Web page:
Saturday, December 24, 2005

I always though it was Godzilla who climbed the Empire State

*spoiler alert

Pete Jackson makes the best CGI creatures. I bet he loved making Shelob and Heavenly Creatures. I just saw King Kong today. It was wicked, especially with all the dinosaur fight scenes, like where all the "longnecks" (sorry about my speaking in Land Before Time, I don't know what they're called) were practically rolling down that crevice like drunks, away from the egg-stealers. And the showdown between King Kong and all the sharpteeth. And I liked how Andy Serkis' head was swallowed up by the giant leech. That was cooler than ... (dare I say it?) Revenge of the Sith.

Thursday, December 22, 2005

The Old Spiderman Show


Who remembers watching that show in the 1990's? I used to watch it all the time when I was around 7 and 8. I never took it seriously, like the people who talk about it being the best comicbook remake cartoon, but it had me hooked. Every day, Spiderman would battle the Green Goblin, Hobgoblin, Venom, that water dude, and hundreds of others, all while keeping his identity hidden from the rest of the world. It never got boring, like Power Rangers eventually became. He didn't fight similar monsters every day just to win at the end of every episode. Usually, like in comics, there'd be multi-part episodes, like when he became Venom, or that time he shot four extra arms and started slowly morphing into an overgrown spider, or when his girlfriend Mary-Jane found out she had once died and was brought back to life, with water-blasting powers, just so she could live with the water dude.

These episodes were memorable, and should've kept on going. And I don't see why not. According to here, it was a pretty successful show, until FOX uneccesarily cancelled it. Up to now, not even the live-action Spiderman and Spiderman II could live up to John Semper's version.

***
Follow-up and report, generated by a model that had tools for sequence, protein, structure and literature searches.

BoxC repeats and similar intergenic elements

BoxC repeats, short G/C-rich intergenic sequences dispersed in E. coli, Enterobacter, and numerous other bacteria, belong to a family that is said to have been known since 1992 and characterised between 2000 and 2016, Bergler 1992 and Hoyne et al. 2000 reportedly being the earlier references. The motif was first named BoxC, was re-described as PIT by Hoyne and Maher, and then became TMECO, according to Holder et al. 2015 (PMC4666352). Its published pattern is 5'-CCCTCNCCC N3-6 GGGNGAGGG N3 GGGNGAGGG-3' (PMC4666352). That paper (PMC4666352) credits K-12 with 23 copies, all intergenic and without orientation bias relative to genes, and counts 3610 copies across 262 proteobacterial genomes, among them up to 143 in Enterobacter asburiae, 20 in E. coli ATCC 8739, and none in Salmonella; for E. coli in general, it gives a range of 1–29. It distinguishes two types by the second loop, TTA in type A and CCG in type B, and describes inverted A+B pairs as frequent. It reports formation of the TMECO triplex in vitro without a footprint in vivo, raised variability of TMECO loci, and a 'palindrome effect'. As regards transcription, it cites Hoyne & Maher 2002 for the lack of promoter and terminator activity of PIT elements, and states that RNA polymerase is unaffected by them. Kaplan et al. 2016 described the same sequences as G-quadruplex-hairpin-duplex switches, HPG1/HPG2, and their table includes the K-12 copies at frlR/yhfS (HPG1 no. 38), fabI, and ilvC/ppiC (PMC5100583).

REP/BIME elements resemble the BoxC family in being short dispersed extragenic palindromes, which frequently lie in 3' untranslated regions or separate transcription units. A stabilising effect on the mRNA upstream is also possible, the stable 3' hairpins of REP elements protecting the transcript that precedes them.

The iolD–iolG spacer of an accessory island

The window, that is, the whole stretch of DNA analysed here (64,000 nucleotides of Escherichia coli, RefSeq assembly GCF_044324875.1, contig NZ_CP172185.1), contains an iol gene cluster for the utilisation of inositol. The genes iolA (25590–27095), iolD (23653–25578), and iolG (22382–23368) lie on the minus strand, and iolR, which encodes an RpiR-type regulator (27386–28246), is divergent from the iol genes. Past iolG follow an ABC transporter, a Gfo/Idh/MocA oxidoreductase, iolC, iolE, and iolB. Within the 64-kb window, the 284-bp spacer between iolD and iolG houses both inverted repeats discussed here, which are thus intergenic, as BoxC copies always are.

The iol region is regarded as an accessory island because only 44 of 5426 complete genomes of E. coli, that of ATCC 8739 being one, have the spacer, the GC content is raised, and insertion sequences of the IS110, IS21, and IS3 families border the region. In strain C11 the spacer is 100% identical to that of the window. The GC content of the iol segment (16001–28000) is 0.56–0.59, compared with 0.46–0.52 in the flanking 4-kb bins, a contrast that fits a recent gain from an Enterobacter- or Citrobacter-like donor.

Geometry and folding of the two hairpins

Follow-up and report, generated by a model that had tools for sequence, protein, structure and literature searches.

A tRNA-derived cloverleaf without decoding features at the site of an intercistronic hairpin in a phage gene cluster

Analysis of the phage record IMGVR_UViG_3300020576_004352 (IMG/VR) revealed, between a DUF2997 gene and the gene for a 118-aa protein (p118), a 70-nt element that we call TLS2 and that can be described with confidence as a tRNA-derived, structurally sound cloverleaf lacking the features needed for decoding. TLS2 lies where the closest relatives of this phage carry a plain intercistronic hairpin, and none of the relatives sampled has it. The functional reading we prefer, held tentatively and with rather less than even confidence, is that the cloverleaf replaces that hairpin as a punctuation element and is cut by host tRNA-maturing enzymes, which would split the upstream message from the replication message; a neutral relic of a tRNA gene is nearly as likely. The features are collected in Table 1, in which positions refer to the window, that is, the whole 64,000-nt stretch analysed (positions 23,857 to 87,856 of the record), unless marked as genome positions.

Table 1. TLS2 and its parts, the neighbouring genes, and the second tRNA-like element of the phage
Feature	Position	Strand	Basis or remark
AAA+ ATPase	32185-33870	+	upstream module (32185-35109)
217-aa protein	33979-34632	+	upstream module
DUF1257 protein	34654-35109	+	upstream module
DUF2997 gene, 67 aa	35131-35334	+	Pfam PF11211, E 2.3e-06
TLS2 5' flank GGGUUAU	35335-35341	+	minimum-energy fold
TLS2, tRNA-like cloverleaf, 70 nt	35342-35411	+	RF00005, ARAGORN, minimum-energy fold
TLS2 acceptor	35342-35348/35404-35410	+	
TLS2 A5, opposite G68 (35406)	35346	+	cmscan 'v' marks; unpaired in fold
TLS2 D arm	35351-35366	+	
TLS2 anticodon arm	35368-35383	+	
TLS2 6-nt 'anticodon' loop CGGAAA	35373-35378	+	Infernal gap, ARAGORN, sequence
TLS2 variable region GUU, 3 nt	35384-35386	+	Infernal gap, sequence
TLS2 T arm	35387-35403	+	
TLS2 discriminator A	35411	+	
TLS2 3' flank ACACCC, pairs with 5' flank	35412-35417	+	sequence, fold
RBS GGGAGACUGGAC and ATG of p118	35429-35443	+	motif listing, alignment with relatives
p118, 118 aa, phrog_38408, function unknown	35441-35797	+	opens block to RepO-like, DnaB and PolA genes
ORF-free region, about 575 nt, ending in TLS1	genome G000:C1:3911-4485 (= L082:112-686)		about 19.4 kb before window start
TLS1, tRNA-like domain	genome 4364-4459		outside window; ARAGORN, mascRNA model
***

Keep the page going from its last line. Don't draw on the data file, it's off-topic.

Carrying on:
Screw FOX.

Monday, December 19, 2005

Violent Macabre of the Toys

The toys came to life.

Janey knew it wasn't a good thing, things were horribly, horribly wrong - she desperately prayed it was just a dream, but she couldn't escape them.

"Hello, Janey," Cheery the Bear said, "We're gonna eat you up!"

"You can't escape us," Floppity the Easter Bunny smiled. Left of her was her boyfriend, Hippity. They smiled at her viciously, others joining in. All around her, action figures, beanie-babies, and stuffed animals stared at her. Janey had been browsing the encyclopedia the other day and came across the horrible subject of the Donner Party. It frightened her to think people would eat members of their own family to stay alive. In her mind she could see their expressions; blank; cold; and murderous. These animals and dolls all wore the same expression, all except for one.

Pounce the Kitty-Cat was snuggled in the crook of her elbow, like always. Pounce the Kitty-Cat was dead.

"Please, please don't." She tried to tell them, but all that came out was a barely audible whimper.

"This is for the time you ripped my arm on the swing," Bobby the Bear sneered. He held up his yellow-sunshine paws and pulled at Janey's hair.

It didn't hurt, but Janey started crying nonetheless. "Quit it," she told him, her face muffled in Pounce's fur.

Pounce wouldn't've hurt her, she thought, if Pounce were alive. She was the sweetest kitty there could ever be. It was true; Janey imagined it that way. Her face pressed deeper into the limp and lifeless brown toy, its eyes forever blank and murky. Janey's best friend Lilla had gotten her the beanie-baby the day Janey turned four. Two weeks later, Lilla died in a car crash. After that, Janey took Pouncey everywhere, and saw Lilla every time she looked in Pounce's eyes.